Gov. Bill Haslam’s proposal to provide free community college received the overwhelming endorsement of state lawmakers Tuesday night, passing the House of Representatives on an 87-8 vote.

The House joined the Senate in approving “Tennessee Promise,” the plan Haslam laid out in February to cover the full cost of two-year collegefor every high school graduate starting in fall 2015.

The plan also calls for reducing the amount of Hope scholarships for freshmen and sophomores at state universities to $3,500, a cut of $500 a year. Juniors and seniors would receive $4,500.

The vote capped a busy legislative day that also saw proposal to combat methamphetamine production by limiting sales of pseudoephedrine clear the state Senate on a 23-8 vote.

Pseudoephedrine is a key ingredient in several cold and allergy medications, as well as in methamphetamine. Senate Bill 1751 by state Sen. Mark Norris, R-Collierville, would require a prescription to purchase more than 4.8 grams of pseudoephedrine a month, and 14.4 grams a year.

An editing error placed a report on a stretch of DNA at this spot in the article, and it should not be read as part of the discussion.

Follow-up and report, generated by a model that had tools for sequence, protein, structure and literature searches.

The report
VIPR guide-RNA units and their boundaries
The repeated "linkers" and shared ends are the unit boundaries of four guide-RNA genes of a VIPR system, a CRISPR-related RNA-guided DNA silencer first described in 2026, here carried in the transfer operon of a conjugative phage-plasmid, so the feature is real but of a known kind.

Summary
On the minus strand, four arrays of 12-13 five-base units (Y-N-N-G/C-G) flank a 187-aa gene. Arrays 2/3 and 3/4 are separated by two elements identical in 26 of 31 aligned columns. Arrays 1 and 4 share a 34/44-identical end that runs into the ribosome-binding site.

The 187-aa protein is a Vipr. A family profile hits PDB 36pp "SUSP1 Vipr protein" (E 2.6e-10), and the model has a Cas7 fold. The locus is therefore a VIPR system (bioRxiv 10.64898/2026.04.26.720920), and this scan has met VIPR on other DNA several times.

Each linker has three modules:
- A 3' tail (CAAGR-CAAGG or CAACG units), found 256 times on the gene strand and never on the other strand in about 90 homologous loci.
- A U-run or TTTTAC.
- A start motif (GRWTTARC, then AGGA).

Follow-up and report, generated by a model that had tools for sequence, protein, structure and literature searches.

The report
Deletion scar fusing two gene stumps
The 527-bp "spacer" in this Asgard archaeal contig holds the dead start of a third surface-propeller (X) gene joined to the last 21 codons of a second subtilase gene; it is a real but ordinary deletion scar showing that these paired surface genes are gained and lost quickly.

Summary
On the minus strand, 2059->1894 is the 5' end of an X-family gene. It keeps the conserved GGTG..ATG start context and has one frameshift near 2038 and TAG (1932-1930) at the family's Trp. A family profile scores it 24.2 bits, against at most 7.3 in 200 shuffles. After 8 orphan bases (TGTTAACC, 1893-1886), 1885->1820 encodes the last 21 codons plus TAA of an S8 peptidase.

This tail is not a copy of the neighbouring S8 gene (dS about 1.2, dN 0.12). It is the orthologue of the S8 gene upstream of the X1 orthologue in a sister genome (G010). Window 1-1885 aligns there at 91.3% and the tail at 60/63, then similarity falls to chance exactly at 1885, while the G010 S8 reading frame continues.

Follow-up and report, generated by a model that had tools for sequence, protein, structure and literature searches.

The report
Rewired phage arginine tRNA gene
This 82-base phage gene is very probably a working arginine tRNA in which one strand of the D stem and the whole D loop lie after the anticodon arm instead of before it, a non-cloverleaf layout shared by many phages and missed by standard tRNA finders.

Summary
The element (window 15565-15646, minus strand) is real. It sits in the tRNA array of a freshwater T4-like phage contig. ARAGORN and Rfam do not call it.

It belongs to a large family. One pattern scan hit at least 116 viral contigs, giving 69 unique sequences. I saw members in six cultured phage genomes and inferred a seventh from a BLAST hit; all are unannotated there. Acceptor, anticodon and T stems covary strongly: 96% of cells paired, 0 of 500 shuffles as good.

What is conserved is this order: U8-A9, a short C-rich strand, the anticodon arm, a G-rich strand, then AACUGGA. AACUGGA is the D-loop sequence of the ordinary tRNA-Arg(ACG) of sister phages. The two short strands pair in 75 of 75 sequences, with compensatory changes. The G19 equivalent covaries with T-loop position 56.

This monthly maximum could be reached with 20 tablets of 24-hour Allegra D. The yearly maximum would be 60 tablets.

Last week, the House passed a bill that would set annual limit at 120 tablets of 24-hour medication. The differences between the two bills are likely to be worked out in a conference committee.

Also Tuesday, the governor’s plan for school vouchers failed, likely ending hopes that state lawmakers will agree on a plan this year.

Haslam had proposed to offer as many as 5,000 vouchers next year for private school tuition to families in Davidson and four other school districts. The plan would have benefited low-income families assigned to low-performing schools primarily.

But citing a lack of support, the sponsor withdrew the measure Tuesday morning in one of the final meetings of the year for the House Finance Committee, which had to sign off on the bill before it could be taken up on the House floor.

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